Her. Was this all about her? For now, yes. I am in the middle of the garden now, in my mental flesh. Not observing but there. And yes, all lanes lead to her. All leaves bow to her. All dolmens sing to her. And I’m done. I won’t give you the garden and I won’t give her the garden. Stoking the forge I find here, I begin to set fire to the hive. Lanes twist in burning under burnt twisting leaves that wave between crumbling dolmens. The structure of the garden slowly blows away, turned to charcoal bones. At some point I closed my eyes against the heat. Now, the wind slowly speaks to me a single word, a single world that I had forgotten: “Open”.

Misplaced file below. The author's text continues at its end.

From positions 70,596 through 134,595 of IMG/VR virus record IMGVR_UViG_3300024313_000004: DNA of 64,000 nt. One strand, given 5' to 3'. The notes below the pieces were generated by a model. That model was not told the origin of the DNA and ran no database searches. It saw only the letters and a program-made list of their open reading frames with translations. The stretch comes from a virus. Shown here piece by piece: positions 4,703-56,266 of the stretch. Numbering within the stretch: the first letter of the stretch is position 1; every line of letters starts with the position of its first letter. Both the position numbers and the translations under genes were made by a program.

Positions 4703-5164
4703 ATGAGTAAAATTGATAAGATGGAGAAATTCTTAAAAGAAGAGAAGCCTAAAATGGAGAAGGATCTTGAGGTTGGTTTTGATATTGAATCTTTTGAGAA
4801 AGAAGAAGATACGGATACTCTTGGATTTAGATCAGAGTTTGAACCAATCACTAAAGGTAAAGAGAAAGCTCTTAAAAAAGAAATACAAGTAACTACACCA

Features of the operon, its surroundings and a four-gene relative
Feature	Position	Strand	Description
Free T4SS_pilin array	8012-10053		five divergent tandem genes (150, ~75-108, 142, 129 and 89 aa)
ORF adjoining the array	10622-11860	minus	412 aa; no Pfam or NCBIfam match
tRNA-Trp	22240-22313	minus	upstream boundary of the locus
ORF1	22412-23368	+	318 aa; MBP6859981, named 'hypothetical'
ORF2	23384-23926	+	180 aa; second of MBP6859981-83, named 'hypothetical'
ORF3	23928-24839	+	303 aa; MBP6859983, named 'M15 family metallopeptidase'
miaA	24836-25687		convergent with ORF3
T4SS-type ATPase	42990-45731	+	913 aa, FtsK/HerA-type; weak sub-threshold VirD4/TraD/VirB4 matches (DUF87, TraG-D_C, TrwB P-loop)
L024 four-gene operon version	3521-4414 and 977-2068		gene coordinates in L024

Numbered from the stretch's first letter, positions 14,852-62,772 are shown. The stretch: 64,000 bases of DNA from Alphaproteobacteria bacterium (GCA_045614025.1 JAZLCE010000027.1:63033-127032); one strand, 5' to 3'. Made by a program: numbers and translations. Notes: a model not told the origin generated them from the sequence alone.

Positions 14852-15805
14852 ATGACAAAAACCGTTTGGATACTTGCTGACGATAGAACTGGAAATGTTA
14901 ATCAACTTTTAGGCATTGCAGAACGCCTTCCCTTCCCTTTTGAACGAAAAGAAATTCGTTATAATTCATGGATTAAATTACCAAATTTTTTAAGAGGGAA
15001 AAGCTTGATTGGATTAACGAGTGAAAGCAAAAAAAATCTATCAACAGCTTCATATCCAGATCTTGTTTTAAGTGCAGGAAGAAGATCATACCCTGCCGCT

And open I shall.

Do you know that faint feeling of being pulled by an accelerating vehicle? It’s a warm tug, an inward sensation of being held to one direction. I remember clearly such a moment, endlessly falling into a pleasant curve, dragged by benign forces of getting from A to B into the distance. Closing eyes, I feel delicate sunlight on my shoulder, head resting, pressed against a murky window. It’s plastic, my forehead slowly sinking into the semi-liquid material. Opening eyes, I can see brown dirt, grey building, blue sky, needless activity. Sighing inwardly, I slowly turn my head to the other side. In between my eyes, an ocean of light swims softly. Yes the susurration says yes you can give in you can let go you can end you can be still.